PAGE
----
After the tamasha enacted by the UPA Government on May 10, what Veer Savarkar described as India'sfirst war of Independence has been largely forgotten for reasons best known only to the leading party in power in Delhi. It is not that the publishing world has forgotten 1857. Of late there have been quite a few books like Julian Spilsbury'sThe Indian Mutiny (Orion Books) and Pramod K. Nayar'sIndia 1857: The Great Uprising and The Penguin 1857 Reader. To top them all is Rudrangshu Mukherjee's Spectre of Violence which is a welcome addition to William Dalrymple'sThe Last Mughal: The Fall of a Dynasty Delhi 1857.
In the past, especially during the days of British rule, little was known of British tyranny in India. The tendency was to dismiss the effort of Indians at self-assertion as just a ?mutiny?. These days, with more and more well-researched works coming out, truth is emerging at last. As Mukherjee sees it, ?The revolt of 1857 was the most violent episode in the history of British rule in India?, but then he adds: ?The rebels when they took to arms and killed the British, broke the monopoly of violence that the British thought they enjoyed as the ruling power.? It was not the rebel who first took to violence. That charge should be strictly laid at the doorsteps of the British whose hatred and contempt of Indians who were often described as ?niggers?, was to set the country on fire.
The British had behaved atrociously prior to the so-called Mutiny. They had humiliated the Indians calling them ?a confounded sensual lazy set of niggers? and names even worse. Nana Saheb was called ?treacherous?, wicked, infamous and the people he led ?semi-barbarous?.
Mukherjee provides the background to the rebellion and why Nana Saheb and Bahadur Shah Zafar accepted the leadership thrust into their hands by the angry sepoys, who had proclaimed: Khalk khode ki, mulk badshab ka, hukum subahdar sipahi Bahadur ka (The world is God?s, the country is the Emperor?s, the rule or order is that of the soldiers). The sepoys had had enough of British terrorism; they wanted to go back to the Mughal Empire of the 18th century and, in words of Mukherjee ?invert the structure of (British) domination and subordination?. But the rebels had in mind not just the British, but also their Indian supporters and allies, the elite of the land. The sepoys wanted to avenge the insults heaped upon them and their fellow countrymen.
As one resident Englishman recorded and which Mukherjee freely quotes, ?The sepoy is regarded as an inferior creature, he is sworn at, he is spoken to as a ?nigger; he is addressed as suar or pig? with young British officers dismissing such epithets ?as an excellent joke?. The reaction of the sepoys was therefore understandable. As Mukherjee says: ?The aim of the rebels was the destruction of all things British? The revolt of 1857 visualised itself as a war of religion, a struggle to preserve the purity of caste and religion against a perceived hostile attempt by the British to interfere with the social customs and the beliefs of the people.? The sepoy rebellion, in the circumstances, was inevitable. But what happened, afterwards is a permanent blot not only on Britain'sname as a democracy but against all Europeans.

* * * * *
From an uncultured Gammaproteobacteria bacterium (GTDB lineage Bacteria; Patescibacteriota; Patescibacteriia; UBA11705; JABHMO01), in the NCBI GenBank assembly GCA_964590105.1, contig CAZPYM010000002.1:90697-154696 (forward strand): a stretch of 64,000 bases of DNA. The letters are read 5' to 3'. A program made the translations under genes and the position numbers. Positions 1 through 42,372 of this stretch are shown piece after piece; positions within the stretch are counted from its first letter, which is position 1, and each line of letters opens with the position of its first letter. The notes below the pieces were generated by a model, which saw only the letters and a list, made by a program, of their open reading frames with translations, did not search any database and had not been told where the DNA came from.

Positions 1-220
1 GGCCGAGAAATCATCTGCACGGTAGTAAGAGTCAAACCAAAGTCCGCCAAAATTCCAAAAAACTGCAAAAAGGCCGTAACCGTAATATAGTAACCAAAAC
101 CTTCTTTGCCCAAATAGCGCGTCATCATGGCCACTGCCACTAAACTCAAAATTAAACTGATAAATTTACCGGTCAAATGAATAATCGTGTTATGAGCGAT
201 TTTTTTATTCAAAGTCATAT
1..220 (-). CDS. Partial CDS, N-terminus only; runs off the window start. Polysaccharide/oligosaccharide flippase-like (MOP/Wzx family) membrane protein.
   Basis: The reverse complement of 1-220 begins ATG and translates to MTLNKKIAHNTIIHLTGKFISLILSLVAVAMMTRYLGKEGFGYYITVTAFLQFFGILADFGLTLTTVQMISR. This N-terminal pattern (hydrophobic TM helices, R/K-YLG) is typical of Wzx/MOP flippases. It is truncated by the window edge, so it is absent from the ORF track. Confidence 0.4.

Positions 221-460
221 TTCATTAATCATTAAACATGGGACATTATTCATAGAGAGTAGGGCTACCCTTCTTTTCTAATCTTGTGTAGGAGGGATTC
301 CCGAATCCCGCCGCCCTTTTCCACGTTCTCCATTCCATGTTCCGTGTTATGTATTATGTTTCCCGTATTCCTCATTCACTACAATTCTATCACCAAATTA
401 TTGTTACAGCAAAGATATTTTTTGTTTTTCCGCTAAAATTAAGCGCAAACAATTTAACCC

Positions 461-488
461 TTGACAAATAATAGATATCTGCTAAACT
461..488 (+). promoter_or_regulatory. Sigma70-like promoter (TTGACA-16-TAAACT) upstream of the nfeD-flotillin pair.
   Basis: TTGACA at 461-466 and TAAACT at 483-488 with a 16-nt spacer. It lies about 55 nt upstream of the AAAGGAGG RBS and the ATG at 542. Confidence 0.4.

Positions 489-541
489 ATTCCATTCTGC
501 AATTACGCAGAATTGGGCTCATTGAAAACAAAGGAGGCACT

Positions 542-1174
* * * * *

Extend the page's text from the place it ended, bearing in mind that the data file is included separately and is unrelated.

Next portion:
The British indulged in violence such as had not been seen even in the days of Chenghiz Khan. The Governor of Punjab, John Lawrence, laid down priorities. ?Our object is to make an example and terrify others.? All pretense of the rule of law were abandoned. All men on the road to Allahabad were slaughtered. The town of Fatehpur was destroyed, with all its inhabitants. In two days, 42 men were hanged on the roadside.
Col. Neill, one of the most vicious officers had ?every native that appeared in sight shot down without question?. Villages were ruthlessly burnt. Those employed by the British were spared but ?any man found without a pass? was strung up by the neck in the nearest tree. One report said: ??.capital punishment was inflicted for trivial offences.?
This book limits its observations not to the rebellion all over India but to a specific area. In that sense what happened in Kanpur is just a sample of what happened elsewhere in various degrees. British arrogance and insults invited action. That action resulted in British counter reaction?and so it went on. In the end the British remained as conquerors?a master race. Who started it all? Nana Saheb? Hardly. He was forced by the sepoys to serve as their leader. The Kanpur (Cawnpore) massacres have been glossed over by three distinguished Indian historians, R.C. Majumdar, P.C. Gupta and S.N. Sen. Why? One answer is that it was an example of ?settling accounts between the two races (British and Indian) extending over a hundred years?.
The White man who came to do business with India sought to master India politically and culturally. He paid the price for his overbearing arrogance. Perhaps it was all inevitable, considering that the Mughal feudal system was on its last legs. There was no way for the system to last. But it took British domination to help dismantle it.
(Penguin Books India Pvt. Ltd., 11, Community Centre, Panchsheel Park, New Delhi-110 017.)